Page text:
Local politicians say they will continue to work with South Cambridgeshire MP Heidi Allen after she revealed her departure from the Conservative party to join a new anti-brexit Independent Group.
Today (February 20), Mrs Allen was one of a group of Conservative MPs to announce she is leaving the party.
In a statement, Mrs Allen, along with fellow Conservatives Anna Soubry and Sarah Wollaston, said: “We no longer feel we can remain in the party of a Government whose policies and priorities are so firmly in the grip of the ERG and DUP.”
Mrs Allen has long been a strong and sometimes critical voice among the Conservatives, and has been outspoken about her stance on Brexit, the Syrian refugee crisis, and universal credit. She was first elected as MP for South Cambridgeshire in the 2015 general election, replacing Conservative Andrew Lansley, who had held the seat previously. She was re-elected in the 2017 snap election.
She has been widely praised for “brave” speeches on universal credit. In 2018, she made headlines while, during a debate on abortion laws in Northern Ireland, she gave an impassioned speech, saying she herself had had an abortion for health reasons.
Now, expressing fears her party has shifted too far to the right, Mrs Allen has joined the breakaway Independent Group which formed this week when Labour’s Chuka Umunna, along with six other Labour MPs, quit Labour over its stance on Brexit and anti-Semitism issues within the party.
Peter Topping, leader of the Conservatives in South Cambridgeshire, said he respects Mrs Allen’s “personal decision” to quit the party.
He said: “Heidi Allen has been a very hard working MP for South Cambridgeshire.
“While I respect her personal decision – and it cannot have been easy – I’m disappointed because I’ve personally found the Conservatives to be a broad church.
“As local Conservative councillors we have in the past – and we will in the future – work with our MP for the benefit of our residents – as long as she continues as MP.
“I know that raises a myriad of questions but those are for the Conservative Association. I’m focussing this week on the budget for South Cambs being put forward by the Lib Dems which I fear is very risky.”
Bridget Smith, leader of South Cambridgeshire District Council, welcomed Mrs Allen’s choice and said stopping Brexit was the most important thing for many people in South Cambridgeshire.
Cllr Smith said: “We welcome Heidi’s decision to leave a party with which she has seemed increasingly uncomfortable.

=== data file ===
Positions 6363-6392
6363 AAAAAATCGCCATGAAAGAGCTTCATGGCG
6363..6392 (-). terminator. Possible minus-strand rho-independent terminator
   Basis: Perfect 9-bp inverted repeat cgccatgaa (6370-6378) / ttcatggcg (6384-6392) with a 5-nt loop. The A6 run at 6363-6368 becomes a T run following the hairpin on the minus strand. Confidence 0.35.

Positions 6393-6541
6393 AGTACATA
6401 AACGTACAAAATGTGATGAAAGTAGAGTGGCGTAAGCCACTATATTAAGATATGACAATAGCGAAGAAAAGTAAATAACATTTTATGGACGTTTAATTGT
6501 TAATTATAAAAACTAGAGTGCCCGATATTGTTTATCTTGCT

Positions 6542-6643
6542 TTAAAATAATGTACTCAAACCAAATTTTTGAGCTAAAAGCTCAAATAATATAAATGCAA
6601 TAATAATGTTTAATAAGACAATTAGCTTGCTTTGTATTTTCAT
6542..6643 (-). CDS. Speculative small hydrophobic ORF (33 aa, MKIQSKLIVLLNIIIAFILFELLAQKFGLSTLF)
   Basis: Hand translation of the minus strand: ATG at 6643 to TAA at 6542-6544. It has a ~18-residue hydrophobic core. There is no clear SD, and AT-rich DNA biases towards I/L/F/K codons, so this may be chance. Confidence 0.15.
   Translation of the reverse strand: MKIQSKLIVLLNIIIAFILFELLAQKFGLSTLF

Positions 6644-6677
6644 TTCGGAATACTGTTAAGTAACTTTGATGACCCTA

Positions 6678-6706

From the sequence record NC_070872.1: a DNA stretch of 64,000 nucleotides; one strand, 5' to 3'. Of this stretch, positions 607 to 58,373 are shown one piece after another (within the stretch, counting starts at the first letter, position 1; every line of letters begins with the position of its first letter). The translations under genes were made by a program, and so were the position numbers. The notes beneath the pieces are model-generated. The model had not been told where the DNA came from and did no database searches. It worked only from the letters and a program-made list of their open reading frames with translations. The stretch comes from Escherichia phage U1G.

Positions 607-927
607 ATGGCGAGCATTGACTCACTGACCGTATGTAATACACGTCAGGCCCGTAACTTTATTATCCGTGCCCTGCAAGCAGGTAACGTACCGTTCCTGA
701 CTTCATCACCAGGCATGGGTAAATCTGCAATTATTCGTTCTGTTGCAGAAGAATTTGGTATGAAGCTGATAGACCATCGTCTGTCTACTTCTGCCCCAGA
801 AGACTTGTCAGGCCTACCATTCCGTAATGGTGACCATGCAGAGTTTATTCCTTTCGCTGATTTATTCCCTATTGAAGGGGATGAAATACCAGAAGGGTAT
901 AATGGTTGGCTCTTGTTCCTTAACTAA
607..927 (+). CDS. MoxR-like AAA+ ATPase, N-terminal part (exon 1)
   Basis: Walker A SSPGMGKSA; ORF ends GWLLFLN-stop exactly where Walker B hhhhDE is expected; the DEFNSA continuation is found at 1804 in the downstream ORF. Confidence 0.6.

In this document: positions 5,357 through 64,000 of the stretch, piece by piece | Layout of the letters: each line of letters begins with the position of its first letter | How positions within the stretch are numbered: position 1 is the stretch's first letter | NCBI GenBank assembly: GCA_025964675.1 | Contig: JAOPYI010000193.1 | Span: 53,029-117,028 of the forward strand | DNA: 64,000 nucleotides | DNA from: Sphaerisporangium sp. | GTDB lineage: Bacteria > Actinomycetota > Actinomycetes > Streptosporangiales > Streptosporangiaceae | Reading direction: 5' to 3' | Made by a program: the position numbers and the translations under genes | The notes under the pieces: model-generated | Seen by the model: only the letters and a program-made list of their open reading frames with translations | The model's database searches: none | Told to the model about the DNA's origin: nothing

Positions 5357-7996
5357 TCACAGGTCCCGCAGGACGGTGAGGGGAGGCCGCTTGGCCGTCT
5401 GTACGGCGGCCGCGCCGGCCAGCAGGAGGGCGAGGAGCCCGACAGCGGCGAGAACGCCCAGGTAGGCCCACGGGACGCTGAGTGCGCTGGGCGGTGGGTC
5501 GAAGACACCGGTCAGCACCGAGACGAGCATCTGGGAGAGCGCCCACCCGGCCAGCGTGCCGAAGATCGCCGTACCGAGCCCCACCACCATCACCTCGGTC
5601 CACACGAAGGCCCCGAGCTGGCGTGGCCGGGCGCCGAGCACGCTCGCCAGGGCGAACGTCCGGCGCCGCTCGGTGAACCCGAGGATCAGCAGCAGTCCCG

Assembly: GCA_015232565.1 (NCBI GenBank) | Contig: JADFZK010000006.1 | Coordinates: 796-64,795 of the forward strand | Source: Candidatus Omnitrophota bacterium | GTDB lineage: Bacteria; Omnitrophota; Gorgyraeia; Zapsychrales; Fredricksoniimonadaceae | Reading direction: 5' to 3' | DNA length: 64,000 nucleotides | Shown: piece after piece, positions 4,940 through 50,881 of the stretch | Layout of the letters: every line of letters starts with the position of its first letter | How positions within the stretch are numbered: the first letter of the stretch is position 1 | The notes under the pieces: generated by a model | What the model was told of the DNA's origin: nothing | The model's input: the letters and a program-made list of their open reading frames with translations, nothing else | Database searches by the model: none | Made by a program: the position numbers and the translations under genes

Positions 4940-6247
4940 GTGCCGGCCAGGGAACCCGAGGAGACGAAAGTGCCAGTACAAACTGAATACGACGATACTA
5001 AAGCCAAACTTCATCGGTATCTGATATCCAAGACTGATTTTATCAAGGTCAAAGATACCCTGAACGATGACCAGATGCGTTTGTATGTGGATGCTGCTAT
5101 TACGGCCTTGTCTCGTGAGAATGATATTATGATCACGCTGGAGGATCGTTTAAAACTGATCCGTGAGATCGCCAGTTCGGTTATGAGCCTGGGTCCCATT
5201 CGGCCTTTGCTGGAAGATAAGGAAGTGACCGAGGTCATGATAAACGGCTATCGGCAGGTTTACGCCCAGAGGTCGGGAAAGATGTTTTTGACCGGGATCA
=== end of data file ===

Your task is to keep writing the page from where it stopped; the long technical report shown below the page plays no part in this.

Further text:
“South Cambridgeshire Liberal Democrats will continue to work with Heidi on issues where we agree. It’s what the public expect and they are rightly frustrated when politicians put their party ahead of the national interest.
“What is of the utmost importance right now is that we continue to work to prevent Britain falling out of the EU at huge cost to our economy, to our NHS, to British and EU citizens and the most vulnerable in society.”
Ian Sollom, Lib Dem parliamentary candidate for South Cambridgeshire, said, “The people of South Cambridgeshire can already see the problems that Brexit is causing at Addenbrooke’s and they understandably want to prevent damage to our world leading bio-tech, high-tech and other industries and to our world-renowned university.
“I am committed to working collaboratively with groups and individuals that share the aims of the Lib Dems, especially when it comes to Brexit.
“The public overwhelmingly think the government has handled Brexit badly and do not trust politicians to take the right decision. We must give the British public the final say over the deal with the option of staying in the EU.”
James Palmer, mayor of the Cambridgeshire and Peterborough Combined Authority blasted Mrs Allen’s “foolish” decision to leave the Conservatives, saying there should be a by-election in South Cambridgeshire.
Mr Palmer said: “It’s regrettable that Heidi Allen has felt it necessary to resign from the Conservative Party and join the new Independent Group of MPs.
“I believe this to have been a foolish decision. The Conservative Party is a broad church and it’s right and proper that if the Conservative Party wants to remain the Party of Government this remains the case. It needs to be a Party where a range of different opinions are held and where healthy debate is encouraged.
“Heidi was elected as a Conservative MP and stood on a Conservative manifesto which had at its heart fully respected the referendum result. I expect that Heidi believes she can get elected as an Independent Group MP, I therefore encourage her to put this to the test and to trigger a by-election. The people of South Cambridgeshire decided at the last election that they wanted a Conservative MP. They should now be given the opportunity to decide whether or not they want an Independent Group MP.”
Mr Palmer said he disagreed with the idea the Conservatives were being drawn to the right over Brexit.
“I do not recognise the “purple momentum” referred to in the resignation letter,” said Mr Palmer. “I know all the Conservative associations of the county well and can confirm that they remain moderate broad churches where all are welcomed who subscribe to core Conservative values and principles.
“I hope Heidi enjoys her day in the limelight. In the meantime, South Cambridgeshire Conservatives need to unite and focus on ensuring that the next MP for South Cambridgeshire is a Conservative MP. I am one hundred per cent with them in this endeavour.”